Fat issues loom large in our culture, as it were, and kids pick up messages about how they should look that batter their confidence at every turn. Literature for young people should be one place where kids don’t find themselves mocked, dismissed, or shamed. I am not talking about books that deal directly with weight; it’s the books that don’t realize they are reinforcing negative stereotypes that concern me.
While we have all become accustomed to popular culture’s celebration of thin, what I didn’t expect is that books — the refuge of the chubby kid, the place where people understand the value of what lies beneath the surface, a land of acceptance and tolerance for difference — would come around to betray their readers. But you can hardly open an ARC these days without coming across one of the following:
* snide comments about a character’s weight or about fat in general when they have nothing to do with the plot or theme of the story;
* descriptions of fat used deliberately as shorthand to indicate a character’s villainy, isolation, absurdity, and/or repulsiveness;
* books with assumptions about fat people carelessly tossed off as though they are truths rather than opinion.
Maybe it’s just me, but I’ve grown particularly weary of pudgy-fingered villains with small "piggy" eyes in big moon faces. And the fat kid who serves as clumsy comic relief, or is automatically assumed to have no romantic prospects. Etcetera. We all know the cliches. While thinking about this blog post, a little bluesy Muppety song snippet wrote itself in the background of my mind:
Oh, I’ve been fat and I’ve been lean,
and I’ve been large…ly in between
and I’ll tell you something, honey – it’s not easy being seen.
I’ve lived all along the weight spectrum—from thin to quite round—so I have a special awareness of comments about weight in books and how they might be read — and felt — by young people. I’ve noticed over the past fifteen years a steep increase in hit-and-run weight slurs in books, and I wince for the fat kids reading them. All along, they’ve been identifying with characters, lost in the author’s world, feeling that comfortable coziness one feels with a trusted writer telling a good story – and then comes some mean-spirited, casual or not-so-casual remark about weight, and it’s as though the author has reached out of the pages of the book and slapped that kid across the face.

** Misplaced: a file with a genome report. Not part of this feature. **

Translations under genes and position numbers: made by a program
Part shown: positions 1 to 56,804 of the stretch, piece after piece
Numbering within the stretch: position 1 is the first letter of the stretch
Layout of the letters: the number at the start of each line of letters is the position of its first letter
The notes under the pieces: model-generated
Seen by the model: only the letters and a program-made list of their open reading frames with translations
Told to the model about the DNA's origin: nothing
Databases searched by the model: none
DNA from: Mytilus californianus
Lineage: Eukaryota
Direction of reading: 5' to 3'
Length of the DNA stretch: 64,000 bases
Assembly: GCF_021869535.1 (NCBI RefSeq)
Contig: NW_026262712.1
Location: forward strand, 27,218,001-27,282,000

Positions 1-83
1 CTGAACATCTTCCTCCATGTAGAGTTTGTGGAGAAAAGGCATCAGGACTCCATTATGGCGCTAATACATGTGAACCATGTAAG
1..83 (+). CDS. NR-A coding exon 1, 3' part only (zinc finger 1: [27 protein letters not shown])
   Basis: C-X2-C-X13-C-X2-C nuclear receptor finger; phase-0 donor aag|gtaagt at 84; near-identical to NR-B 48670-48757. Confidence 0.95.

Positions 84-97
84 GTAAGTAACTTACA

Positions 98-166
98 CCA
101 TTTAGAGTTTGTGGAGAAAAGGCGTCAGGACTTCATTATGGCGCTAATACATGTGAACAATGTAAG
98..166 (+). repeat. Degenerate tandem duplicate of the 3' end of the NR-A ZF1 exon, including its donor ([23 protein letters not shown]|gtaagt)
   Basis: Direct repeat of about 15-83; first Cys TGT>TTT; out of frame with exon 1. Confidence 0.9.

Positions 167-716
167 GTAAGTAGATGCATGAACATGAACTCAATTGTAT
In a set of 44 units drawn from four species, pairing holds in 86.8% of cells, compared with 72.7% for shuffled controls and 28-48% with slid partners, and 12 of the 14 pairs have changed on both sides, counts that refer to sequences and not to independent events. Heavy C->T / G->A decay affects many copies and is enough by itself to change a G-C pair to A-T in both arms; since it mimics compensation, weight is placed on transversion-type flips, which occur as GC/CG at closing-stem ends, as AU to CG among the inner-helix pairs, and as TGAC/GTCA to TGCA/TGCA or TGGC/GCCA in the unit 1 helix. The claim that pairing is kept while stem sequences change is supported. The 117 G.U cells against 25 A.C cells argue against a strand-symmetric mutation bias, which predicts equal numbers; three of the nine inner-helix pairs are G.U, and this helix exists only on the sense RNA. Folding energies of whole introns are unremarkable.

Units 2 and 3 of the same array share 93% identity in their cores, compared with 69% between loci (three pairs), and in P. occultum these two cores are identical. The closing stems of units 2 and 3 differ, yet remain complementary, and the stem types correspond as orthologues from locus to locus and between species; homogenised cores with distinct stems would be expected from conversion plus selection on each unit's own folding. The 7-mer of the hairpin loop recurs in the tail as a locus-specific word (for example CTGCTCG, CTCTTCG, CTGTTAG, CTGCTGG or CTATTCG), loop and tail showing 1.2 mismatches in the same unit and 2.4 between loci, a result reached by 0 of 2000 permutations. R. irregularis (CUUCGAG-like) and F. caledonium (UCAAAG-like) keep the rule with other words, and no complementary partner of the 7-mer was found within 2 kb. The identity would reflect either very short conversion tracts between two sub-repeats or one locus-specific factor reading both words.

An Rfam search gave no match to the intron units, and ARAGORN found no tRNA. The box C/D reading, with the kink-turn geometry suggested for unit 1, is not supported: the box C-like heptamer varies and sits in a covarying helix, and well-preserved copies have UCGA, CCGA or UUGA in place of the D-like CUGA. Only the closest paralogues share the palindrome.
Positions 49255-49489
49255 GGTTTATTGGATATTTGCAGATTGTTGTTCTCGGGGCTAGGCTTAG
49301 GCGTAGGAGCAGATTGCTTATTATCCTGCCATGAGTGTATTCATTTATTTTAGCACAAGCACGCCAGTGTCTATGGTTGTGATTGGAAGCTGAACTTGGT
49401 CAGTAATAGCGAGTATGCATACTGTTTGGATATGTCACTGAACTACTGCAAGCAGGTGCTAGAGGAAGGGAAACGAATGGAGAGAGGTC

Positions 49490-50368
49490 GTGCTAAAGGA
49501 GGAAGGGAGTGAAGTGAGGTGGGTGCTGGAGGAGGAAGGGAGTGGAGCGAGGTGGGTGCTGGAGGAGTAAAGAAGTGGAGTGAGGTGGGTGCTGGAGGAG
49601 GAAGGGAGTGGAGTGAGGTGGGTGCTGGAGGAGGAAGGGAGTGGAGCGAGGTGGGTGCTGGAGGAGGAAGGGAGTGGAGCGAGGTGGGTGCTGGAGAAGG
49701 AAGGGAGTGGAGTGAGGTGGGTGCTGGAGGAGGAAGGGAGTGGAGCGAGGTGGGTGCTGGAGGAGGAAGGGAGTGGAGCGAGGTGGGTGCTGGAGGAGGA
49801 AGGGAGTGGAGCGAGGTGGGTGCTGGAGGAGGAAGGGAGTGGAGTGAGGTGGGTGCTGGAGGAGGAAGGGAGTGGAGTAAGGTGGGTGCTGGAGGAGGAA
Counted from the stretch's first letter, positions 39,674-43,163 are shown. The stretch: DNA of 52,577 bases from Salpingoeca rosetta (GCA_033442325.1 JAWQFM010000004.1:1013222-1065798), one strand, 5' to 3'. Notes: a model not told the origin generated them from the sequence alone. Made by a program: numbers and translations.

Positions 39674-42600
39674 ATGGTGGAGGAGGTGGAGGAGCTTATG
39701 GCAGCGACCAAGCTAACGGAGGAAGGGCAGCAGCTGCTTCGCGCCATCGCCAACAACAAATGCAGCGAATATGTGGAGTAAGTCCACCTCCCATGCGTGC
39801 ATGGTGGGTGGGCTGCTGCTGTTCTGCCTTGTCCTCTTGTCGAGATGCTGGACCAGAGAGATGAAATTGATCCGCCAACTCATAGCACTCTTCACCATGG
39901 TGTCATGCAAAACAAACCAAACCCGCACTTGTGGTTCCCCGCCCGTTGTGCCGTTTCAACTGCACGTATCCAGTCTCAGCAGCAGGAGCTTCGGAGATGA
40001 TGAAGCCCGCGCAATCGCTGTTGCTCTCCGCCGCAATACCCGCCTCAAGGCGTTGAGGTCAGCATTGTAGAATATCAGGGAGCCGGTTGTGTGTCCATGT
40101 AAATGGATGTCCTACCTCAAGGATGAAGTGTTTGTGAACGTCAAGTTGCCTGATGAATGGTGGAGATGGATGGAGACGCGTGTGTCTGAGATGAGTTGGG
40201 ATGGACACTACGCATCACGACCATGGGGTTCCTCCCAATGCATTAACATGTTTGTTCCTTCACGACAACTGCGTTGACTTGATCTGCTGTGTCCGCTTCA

Now, I’m not saying that fat characters can’t be bad people or have negative qualities. I’m saying that fat doesn’t EQUAL those traits, doesn’t IMPLY them. Writers have to do the work, do more than describe someone’s physical appearance. Writers, editors, I beseech you to remember: fat is descriptive, not evaluative. Let me repeat that, because it’s the essence of what I’m trying to get across here. Fat is descriptive, not evaluative. Notice, in your writing (and your reading), how many villains are fat, and why. How many chubby kids act as comic relief, graceless and absurd? Or serve to embody social isolation, as outcast or unloved, the subject of ridicule and contempt? How much open hostility is there toward heaviness as a physical quality?
Please be aware of language. The title of this post is called, “Fat, But,” in part because it is a mischievously provoking title, but mainly because small word choices add up to big messages. Even innocent little connecting words like “and” and “but” can reveal worlds about what you, the author, are saying about your characters. “And” equals addition; “but” indicates a relationship between two terms.
Descriptive: Fat and graceful.
Evaluative: Fat but graceful.
The former tells you two things about your character: she is a fat and graceful figure. The latter reveals an assumption: that fat people are inherently clumsy, and that this character is an exception. If you live in this big world, you will know that, in truth, grace has nothing to do with weight.
Here’s a little visual example of grace in a larger package. A very funny couple reworks the Evolution of Dance idea for their first wedding dance. It’s traditional up until around 1:30, when the real dance breaks out and the groom (a man of some substance) shows his stuff:
So, writers and editors, this is my request: please remember that descriptions of weight are just that: descriptions, not evaluations. Questions to ask yourself:
- Are your fat characters always eating?
- Are they always clumsy? slow? laughable/ridiculous? because of their weight?
- Do you use fat as shorthand for negative qualities? Are you trying to convey, through weight, that someone is disgusting, weak of character, bullying, socially outcast, laughable, ridiculous, dismissable, or inherently less worthwhile?
As a reader, I’m disappointed in both the author and editor when I see these things slip past the editorial pen. As a person who cares about the emotional lives of children—both the heavy kids who already struggle so much with disapproval and contempt in their lives, and the less heavy kids unwittingly absorbing society’s message that it’s okay to disapprove of, even despise, people based on appearance and weight—I am truly disheartened by the trend. And as a bookseller, well, I just won’t waste my shelf space when there are so many great books out there.
Writers need to be aware of our own books’ assumptions. And editors, you’ve got to help us watch our “and”s, and—you knew I was going there—our “but”s.